Controller Area Network (CAN)

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CAN or Controller Area Network is a serial communications bus specifically designed for in-vehicle networks but also used in industrial automation and medical equipments. CAN supports distributed real time control with high level of security. CAN was developed by Robert Bosch GmbH, in 1983 and officially released in 1986 at the Society of Automotive Engineers (SAE) congress, which is considered the ‘Birth of CAN’. Intel (82526) and Philips (82C200) are the first CAN controller chips. In the early 1990s, Bosh submitted CAN for standardization and consequently first ISO standard for CAN ISO-11898 was published in 1993.


Mercedes was the first automotive manufacturer to deploy CAN and soon BMW, Audi and VW followed suit. Since then, the complexity of automotive electronics has grown manifold. In the 1990s, Mercedes, BMW, Audi and VW cars had 5 or less networked electronic control units (ECUs), which increased to around 40 before the new millennium dawned. This demanded cost-effective networking solutions that would replace cumbersome point-to-point wiring and maintain hundreds of separate connection.


CAN provides high speed networks (500 kbits/s) connecting chassis and power-train ECUs, as well as low speed networks (100 or 125 kbits/s). The following diagram shows the network architecture of VW Passat, which explains how a number of CAN buses are used to connect around 45 ECUs in that vehicle. There are 3 Local Interconnect Networks (LIN), complementary technology to CAN, in the diagram. LIN provides inexpensive, low speed (20 Kbits/s) connectivity.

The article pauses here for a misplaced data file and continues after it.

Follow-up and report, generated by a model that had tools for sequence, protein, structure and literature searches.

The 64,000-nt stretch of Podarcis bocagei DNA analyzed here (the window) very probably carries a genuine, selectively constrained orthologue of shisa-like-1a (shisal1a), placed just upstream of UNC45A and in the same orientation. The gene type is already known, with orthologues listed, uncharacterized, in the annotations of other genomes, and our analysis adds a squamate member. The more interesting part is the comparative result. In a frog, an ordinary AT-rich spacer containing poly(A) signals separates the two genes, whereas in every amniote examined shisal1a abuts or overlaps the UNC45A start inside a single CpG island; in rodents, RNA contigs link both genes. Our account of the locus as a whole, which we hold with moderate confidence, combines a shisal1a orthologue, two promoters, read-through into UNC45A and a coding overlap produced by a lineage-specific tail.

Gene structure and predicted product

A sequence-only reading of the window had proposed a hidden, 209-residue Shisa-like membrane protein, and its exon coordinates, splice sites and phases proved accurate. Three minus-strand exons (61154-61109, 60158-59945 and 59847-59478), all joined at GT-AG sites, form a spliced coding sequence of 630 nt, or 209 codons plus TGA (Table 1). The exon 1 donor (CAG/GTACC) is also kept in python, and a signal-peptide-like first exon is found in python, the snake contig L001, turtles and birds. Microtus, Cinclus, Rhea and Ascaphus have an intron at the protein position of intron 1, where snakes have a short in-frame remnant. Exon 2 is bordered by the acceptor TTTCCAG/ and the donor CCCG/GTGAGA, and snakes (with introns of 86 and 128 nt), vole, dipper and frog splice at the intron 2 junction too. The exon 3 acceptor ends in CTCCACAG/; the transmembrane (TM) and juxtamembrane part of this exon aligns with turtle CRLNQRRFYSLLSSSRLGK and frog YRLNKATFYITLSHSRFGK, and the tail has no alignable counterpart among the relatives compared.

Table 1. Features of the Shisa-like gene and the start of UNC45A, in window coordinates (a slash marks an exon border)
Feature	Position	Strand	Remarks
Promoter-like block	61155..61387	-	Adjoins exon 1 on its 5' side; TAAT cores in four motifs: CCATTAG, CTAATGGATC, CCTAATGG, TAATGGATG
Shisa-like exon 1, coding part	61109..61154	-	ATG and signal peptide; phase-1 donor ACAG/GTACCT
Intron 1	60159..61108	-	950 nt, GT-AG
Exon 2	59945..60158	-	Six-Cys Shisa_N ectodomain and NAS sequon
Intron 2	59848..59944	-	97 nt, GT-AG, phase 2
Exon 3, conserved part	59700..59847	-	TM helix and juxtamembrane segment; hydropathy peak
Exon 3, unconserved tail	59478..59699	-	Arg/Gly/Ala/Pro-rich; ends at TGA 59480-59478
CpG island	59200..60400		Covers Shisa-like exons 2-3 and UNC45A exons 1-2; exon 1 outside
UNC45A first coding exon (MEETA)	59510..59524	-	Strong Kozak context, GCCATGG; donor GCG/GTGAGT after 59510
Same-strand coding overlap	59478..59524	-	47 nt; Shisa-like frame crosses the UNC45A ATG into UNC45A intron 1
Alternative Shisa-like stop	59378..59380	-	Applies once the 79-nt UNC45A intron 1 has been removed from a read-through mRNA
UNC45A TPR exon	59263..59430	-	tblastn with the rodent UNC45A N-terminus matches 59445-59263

Courtesy: www.springlink.com


According to the Bosch manual, CAN has the following properties:

  • prioritization of messages
  • guarantee of latency times
  • configuration flexibility
  • multicast reception with time synchronization
  • system wide data consistency
  • multimaster
  • error detection and signalling
  • automatic retransmission of corrupted messages as soon as the bus is idle again
  • distinction between temporary errors and permanent failures of nodes and
  • autonomous switching off of defect nodes


CAN protocol is subdivided into different layers. The primary division is:

  • CAN object layer
  • CAN transfer layer
  • Physical layer


The first two layers provide the functionalities of the ISO/OSI data link layer. The object layer is mainly concerned with message filtering. The main functionalities are:

  • Finding which messages are to be transmitted
  • Deciding which messages received from the transfer layer are to be used
  • Providing an interface with the application layer hardware


The object layer provides much freedom in defining the object handling.


The transfer layer is the actual kernel of the protocol. It decides whether the bus is free to start transmitting or receiving a new message. It also provides some bit timing. However, there is no scope for modification in this layer.


The transfer layer functionalities are: